Chloe Dewe Mathew's exhibition, Shot at Dawn, will have its final showing in Madrid, from 23rd May to 16th July. This body of work, commissioned by the Ruskin, focuses on the sites at which British, French and Belgian troops were executed for cowardice and desertion between 1914 and 1918.
For five years, the Ruskin School of Art co-organised an annual series of Visiting Professorships in Contemporary Art via the Humanitas Programme.
Since 2011 the Ruskin School of Art has been collaborating with the University of Girona and the artist’s residency GlogaurAIR in Berlin on an ambitious new project to map live art across Europe.
For the past two years the Ruskin School has been collaborating with Modern Art Oxford on a new film by the Turner Prize-winning artist Simon Starling, which responds to the rare planetary phenomenon of the transit of Venus and its relationship to the beginnings of moving image technology.
The Legacy Fellowship, the first-ever fellowship in higher education to fuse art and sport, was awarded to John Gerrard in summer 2011 following an open call for submissions. Over the next twelve months Gerrard identified and collaborated with a number of elite athletes who were all in training for the London 2012 Olympic and Paralympic Games as the point of departure for an ambitious cinema-scale project called Exercise (Djibouti) 2012.
The University of Oxford owns the majority of the teaching collections and catalogues assembled by John Ruskin for his Oxford drawing schools in the third quarter of the 19th century. This material, which included drawings by himself and other artists, prints and photographs, is now in the care of the Ashmolean Museum of Art and Archaeology.
The tree collection at the University of Oxford Botanic Garden plays a major role in creating the Garden’s unique sense of place. As you enter its ancient walls the trees act as the dominant feature, peppering the landscape with centuries of botanical history. From the English yew, which was planted by the first curator in 1645 and is the earliest tree in the collection, to the newer plantings of the late 20th century they tell the story of the Garden in macrocosm.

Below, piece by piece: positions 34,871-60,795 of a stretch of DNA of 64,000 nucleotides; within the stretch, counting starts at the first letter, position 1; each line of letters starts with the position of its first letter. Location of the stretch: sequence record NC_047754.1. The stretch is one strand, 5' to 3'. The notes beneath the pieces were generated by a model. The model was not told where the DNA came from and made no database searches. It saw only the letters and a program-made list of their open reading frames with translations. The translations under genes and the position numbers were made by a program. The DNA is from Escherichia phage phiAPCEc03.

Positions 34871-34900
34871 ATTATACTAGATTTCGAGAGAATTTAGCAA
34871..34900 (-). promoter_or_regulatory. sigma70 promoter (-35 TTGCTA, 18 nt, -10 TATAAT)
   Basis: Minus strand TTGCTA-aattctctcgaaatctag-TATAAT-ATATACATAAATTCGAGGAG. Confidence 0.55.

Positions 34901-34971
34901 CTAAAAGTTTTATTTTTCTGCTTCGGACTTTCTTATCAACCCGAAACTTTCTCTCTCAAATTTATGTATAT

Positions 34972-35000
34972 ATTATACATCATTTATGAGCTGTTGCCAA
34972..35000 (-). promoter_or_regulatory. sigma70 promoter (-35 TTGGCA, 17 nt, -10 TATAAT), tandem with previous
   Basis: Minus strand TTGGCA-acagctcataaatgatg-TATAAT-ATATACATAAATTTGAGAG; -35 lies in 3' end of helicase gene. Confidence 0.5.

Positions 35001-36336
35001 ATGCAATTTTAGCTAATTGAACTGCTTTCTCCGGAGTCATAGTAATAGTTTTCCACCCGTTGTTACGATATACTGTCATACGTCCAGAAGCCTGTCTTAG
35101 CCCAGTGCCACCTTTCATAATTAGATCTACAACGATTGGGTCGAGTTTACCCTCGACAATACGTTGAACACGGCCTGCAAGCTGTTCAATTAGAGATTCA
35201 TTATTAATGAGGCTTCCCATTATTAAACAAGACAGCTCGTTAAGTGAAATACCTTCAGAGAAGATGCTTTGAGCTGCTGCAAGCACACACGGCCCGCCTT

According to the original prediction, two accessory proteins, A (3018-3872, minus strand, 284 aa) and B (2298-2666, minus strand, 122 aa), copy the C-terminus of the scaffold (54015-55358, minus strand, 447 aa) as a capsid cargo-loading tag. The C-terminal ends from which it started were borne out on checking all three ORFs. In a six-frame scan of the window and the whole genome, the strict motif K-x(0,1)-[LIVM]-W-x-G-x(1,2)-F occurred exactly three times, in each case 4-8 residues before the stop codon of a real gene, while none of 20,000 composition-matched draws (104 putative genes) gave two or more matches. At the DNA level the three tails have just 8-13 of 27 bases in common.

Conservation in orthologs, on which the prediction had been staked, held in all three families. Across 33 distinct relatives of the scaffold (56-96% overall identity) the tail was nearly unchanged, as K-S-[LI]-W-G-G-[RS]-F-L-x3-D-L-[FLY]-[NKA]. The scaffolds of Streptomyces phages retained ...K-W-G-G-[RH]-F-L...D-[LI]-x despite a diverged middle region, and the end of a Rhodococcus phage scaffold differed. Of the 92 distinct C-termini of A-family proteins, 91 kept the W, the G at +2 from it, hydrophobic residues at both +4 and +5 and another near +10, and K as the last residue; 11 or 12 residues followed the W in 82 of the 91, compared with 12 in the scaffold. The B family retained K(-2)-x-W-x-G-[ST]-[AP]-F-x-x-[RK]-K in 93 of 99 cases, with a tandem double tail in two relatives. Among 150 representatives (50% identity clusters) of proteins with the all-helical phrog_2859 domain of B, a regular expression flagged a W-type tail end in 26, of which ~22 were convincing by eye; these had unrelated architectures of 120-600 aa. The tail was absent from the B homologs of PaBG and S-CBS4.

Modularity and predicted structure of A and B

Open just about any book by the supreme American writer John Updike, who sadly died on 27 January 2009 at the age of 76, and you will find a variant on the following biographical note: John Updike was born in 1932 in Shillington, Pennsylvania. He attended Shillington High School, Harvard College and the Ruskin School of Art at the University of Oxford, where he spent a year on a Knox Fellowship. From 1955 to 1957 he was a member of the staff of the New Yorker, to which he has contributed numerous poems, short stories, essays and book reviews. Since 1957 he has lived in Massachusetts as a freelance writer.
In October 2007, Anna Lucas was awarded a Visiting Fellowship in Art and Biomedical Science in the Department of Physiology, Anatomy and Genetics at the University of Oxford. Out of this residency came a film called Demonstration 50.15, which offers up a portrait of the University’s anatomy laboratory and follows the repetitive daily activities of the mortuary technician as he respectfully embalms and prepares bodies for medical students.
At the invitation of the Ruskin School of Drawing & Fine Art, Sonia Boyce conceived a collaborative project that addressed itself to the boundary between classical music and sound art. Her partners in this enterprise were Alamire, a consort of some of Britain’s finest early music singers, and the Greek composer Mikhail Karikis.